The Anchorage Daily News asked candidates for the Alaska Legislature in Southcentral Alaska to answer a series of issue questions. Read all of them here.
Tom Begich | Democrat | Occupation: Musician/consultant | Age: 59 | Residence: Anchorage | Relevant experience or prior offices held: Current state senator for District J, minority leader. Extensive background in the fields of justice, education, and public policy for over 35 years. Past legislative Assistant to two majority leaders in the House, and a Senate Majority Caucus chair. Over 30 years managing a strategic consulting and public policy firm. Past publisher of an award-winning public policy magazine. | www.tombegichforalaska.com
Why are you running for office?
I am running for reelection to try and complete work on a sound fiscal plan that will sustain Alaska for generations, to help Alaska move from its dependency on non-renewable resources to a robust renewable economy, and to strengthen Alaska’s education system (through adequate resources, Pre K, supporting a strong University, and ensuring a stable education budget).
The coronavirus pandemic has changed life in Alaska. In addition to ongoing public health threats, the state has seen serious, long-term impacts to its economy and jobs, education system, tourism and the ability for residents to travel. Have state leaders handled the pandemic effectively? Explain.
I do not believe we have. We started out right - with early identification, clear health mandates, and continued public presentations on COVID. As the pandemic progressed we failed to communicate with each other and the public well. In particular, when the Governor wrote the RPLs for CARES ACT Funding (the documents that allowed for passing federal funds to communities and businesses) they were not written correctly. Attempts to return to Juneau to properly write these RPLs and attempts by House/Senate Leadership to work with the Governor to rewrite these, for the most part, failed. While this failure rests on how the RPLs were initially constructed by the Governor, they could have been repaired through dialogue. Political differences interfered with this process. Further, when rewritten, these were poorly executed leading to business failures, community uncertainty, and money that still has not made it to the streets. The Legislature needs to return to Juneau to fix our response.
What role should the state play in repairing economic damage in Alaska from the pandemic?
Until we have a working vaccine, which the CDC says will not be until the 2nd Qut. of 2021, we must plan for transition resources. COVID’s impact on oil and gas prices has dug a hole in our budget that we need to pave over. So what can we do? 1) Encourage the federal government to pass the HEROES Act. This will bring in bridge funds of approx. $1.5 B for the coming year; 2) keep our COVID case and death count down by ensuring strong public health policies - to protects our population and local businesses and enhance our ability to be an end destination for tourism (this also strengthens our ability to reopen our economy and, as Americans are kept from overseas destinations, we can market ourselves as a vacation alternative for America); 3) develop alt. revenue resources to offset the budget deficit this pandemic has added to, and not be afraid to use earnings reserves to help carry us through this crisis; 4) help Alaskans with mortgage, rental, unemployment, and health care relief.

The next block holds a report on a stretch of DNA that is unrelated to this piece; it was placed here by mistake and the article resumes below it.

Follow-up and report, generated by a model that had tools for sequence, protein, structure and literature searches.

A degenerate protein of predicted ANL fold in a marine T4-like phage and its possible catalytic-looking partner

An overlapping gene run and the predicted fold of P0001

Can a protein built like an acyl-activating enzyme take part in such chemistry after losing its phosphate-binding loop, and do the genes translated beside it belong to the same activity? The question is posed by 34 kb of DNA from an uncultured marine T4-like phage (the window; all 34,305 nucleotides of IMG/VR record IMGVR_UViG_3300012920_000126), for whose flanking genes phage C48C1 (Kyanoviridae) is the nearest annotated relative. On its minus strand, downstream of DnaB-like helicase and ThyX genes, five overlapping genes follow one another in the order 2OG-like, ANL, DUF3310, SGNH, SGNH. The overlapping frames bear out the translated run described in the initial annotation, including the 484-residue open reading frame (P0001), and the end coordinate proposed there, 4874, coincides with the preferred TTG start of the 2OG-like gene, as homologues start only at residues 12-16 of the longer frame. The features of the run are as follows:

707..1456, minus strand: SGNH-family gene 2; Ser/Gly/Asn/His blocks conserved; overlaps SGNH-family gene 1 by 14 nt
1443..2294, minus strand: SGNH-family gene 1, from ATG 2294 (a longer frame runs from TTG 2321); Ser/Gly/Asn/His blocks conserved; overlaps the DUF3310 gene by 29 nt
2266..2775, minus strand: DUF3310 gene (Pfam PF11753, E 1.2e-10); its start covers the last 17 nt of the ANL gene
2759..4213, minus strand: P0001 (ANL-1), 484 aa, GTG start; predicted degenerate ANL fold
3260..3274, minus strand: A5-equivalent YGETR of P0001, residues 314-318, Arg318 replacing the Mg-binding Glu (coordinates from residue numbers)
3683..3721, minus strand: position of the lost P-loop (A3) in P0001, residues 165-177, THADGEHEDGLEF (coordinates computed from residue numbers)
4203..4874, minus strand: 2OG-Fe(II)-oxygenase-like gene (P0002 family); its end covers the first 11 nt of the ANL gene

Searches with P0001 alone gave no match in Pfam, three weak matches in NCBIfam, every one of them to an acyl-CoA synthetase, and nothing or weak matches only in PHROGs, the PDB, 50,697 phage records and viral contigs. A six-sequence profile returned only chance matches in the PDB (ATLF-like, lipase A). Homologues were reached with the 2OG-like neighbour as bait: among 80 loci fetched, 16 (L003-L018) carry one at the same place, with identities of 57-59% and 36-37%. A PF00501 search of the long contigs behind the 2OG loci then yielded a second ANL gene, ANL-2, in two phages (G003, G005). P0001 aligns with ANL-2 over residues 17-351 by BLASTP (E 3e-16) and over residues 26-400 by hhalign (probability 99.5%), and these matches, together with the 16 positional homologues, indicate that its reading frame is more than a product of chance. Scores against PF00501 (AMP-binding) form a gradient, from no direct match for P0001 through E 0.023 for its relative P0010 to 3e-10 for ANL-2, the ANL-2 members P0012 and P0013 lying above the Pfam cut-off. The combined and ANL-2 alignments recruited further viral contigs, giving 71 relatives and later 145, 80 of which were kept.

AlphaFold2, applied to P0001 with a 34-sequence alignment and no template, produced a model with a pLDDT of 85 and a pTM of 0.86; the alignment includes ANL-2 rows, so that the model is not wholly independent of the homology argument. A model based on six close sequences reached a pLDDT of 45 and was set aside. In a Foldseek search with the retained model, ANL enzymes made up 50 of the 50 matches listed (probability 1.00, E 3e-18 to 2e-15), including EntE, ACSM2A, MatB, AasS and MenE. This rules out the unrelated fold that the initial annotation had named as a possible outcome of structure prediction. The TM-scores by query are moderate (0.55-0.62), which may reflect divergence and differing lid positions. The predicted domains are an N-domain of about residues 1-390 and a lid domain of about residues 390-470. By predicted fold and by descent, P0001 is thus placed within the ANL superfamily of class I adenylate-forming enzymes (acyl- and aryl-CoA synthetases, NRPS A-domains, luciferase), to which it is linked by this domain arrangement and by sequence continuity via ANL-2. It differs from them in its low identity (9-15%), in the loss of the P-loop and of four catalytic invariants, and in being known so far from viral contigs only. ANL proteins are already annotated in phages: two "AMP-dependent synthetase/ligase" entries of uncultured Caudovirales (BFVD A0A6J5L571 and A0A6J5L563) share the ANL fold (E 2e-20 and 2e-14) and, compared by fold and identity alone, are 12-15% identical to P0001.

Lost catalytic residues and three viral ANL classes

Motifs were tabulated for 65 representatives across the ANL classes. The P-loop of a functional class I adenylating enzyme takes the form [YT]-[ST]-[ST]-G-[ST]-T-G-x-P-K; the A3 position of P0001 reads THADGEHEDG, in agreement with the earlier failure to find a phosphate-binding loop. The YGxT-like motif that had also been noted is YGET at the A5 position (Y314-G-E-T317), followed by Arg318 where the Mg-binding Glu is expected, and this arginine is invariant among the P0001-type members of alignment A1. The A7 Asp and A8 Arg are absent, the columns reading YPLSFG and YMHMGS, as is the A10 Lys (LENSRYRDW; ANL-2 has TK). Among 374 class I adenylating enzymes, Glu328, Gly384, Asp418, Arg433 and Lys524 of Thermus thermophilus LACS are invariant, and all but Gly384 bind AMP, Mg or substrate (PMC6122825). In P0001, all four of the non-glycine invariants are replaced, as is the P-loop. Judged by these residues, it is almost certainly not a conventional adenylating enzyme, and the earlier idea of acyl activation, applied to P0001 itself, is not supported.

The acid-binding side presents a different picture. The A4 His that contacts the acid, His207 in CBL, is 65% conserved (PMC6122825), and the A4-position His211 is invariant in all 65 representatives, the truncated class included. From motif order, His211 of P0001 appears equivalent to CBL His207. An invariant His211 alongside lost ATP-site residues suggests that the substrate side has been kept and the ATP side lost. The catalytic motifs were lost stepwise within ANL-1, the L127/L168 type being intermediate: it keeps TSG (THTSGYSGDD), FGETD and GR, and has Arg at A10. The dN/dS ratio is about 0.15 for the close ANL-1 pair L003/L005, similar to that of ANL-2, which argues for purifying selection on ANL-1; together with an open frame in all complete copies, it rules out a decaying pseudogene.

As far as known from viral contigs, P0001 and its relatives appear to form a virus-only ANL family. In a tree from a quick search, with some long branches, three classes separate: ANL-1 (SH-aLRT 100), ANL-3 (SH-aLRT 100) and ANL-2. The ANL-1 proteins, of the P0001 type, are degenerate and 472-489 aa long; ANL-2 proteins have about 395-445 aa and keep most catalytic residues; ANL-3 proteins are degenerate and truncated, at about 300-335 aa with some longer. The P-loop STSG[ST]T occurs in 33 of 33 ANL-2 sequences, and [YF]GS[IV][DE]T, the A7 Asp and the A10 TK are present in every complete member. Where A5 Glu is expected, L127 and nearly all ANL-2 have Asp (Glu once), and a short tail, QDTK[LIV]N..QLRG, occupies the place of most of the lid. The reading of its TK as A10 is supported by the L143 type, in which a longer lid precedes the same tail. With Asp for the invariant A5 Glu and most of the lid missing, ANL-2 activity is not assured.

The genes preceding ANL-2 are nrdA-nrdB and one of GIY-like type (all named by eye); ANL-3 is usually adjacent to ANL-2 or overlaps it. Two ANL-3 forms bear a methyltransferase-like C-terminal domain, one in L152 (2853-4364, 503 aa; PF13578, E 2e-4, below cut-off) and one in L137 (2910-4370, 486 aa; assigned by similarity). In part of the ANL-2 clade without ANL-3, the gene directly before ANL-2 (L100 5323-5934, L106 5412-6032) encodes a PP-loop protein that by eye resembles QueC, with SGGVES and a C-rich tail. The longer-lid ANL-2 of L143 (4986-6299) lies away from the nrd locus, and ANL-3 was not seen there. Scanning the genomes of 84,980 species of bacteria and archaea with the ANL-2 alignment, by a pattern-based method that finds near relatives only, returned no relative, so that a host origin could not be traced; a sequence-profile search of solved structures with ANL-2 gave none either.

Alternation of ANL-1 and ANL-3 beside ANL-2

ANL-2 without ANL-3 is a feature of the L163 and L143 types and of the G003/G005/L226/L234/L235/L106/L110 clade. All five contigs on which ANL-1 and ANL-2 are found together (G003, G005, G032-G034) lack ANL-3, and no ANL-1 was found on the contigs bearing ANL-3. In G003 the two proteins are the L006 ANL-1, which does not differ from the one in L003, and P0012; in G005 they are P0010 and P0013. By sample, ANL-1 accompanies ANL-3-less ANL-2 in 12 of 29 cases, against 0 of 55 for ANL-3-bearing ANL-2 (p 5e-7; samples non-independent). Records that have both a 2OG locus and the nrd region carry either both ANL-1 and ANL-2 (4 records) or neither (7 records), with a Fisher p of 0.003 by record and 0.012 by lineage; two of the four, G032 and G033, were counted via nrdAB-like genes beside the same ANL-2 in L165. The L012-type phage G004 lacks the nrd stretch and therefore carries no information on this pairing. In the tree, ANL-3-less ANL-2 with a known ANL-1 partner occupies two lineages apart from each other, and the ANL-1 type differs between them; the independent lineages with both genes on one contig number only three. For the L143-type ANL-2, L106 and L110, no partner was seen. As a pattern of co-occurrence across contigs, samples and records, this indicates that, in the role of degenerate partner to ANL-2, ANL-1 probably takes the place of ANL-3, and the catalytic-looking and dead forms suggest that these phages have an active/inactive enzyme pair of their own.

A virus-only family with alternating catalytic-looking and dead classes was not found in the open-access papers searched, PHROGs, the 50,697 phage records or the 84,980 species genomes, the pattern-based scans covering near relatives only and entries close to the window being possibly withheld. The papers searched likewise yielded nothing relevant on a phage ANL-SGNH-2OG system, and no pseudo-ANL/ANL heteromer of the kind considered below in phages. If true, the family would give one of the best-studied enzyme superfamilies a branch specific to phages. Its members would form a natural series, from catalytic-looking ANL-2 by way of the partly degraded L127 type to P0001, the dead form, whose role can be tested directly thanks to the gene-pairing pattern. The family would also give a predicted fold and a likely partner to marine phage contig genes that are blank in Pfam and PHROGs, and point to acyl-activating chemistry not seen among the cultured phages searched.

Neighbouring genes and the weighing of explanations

Describe two pressing issues facing your district. What do you plan to do about them if elected?
Homelessness and business failure. The latter is a direct result of the pandemic impact on local businesses and tourism. Ensuring bridge loans, mortgage and rental relief (for landlords, businesses, and individuals), and enhanced unemployment payments until our economy reopens is critical to resolving this. For Homelessness, some things we might do include: 1) ensure that a coherent, comprehensive plan that address those suffering homelessness along a continuum is enacted (like the City’s), including housing options, but also ensuring we have support for families at the risk of losing housing so they do not fall into homelessness; 2) ensuring adequate mental health and substance use services for our chronic homeless population; 3) ensuring our transient populations - in and out migrators - have strong economies and affordable living options in their own home communities if from in-state; and finally 4) ensuring new options for services are located near medical and support facilities.
How would you create a sustainable state operating budget that doesn’t borrow annually from the state’s savings to meet shortfalls?
1) stick to a Percent of Market Value model that draws between 5 - 5.5% of resources from the Permanent Fund annually to Fund Government; 2) revise oil and gas taxes to reduce the per barrel tax credit (if Prop 1 fails) by at least $4; 3) enact a modest income tax that is based on a flat rate of your federal income tax liability; 4) increase the ability to tax oil and gas property by 10 mils, with those funds designated (we cannot constitutionally delegate funds) to infrastructure development and education; 5) address smaller fees that have been discussed for the past few years such as increasing the Motor Fuels tax, adding an education/wage tax ($30 from first paycheck each year), and other user fees; 6) continue to seek efficiencies in Government where feasible; 7) develop a more sustainable Dividend formula and enact it in the Constitution to remove this as a political issue. There are lily other solutions, these would serve as my starting point in the discussion.
What is your vision for the Alaska Permanent Fund and the future of the dividend program?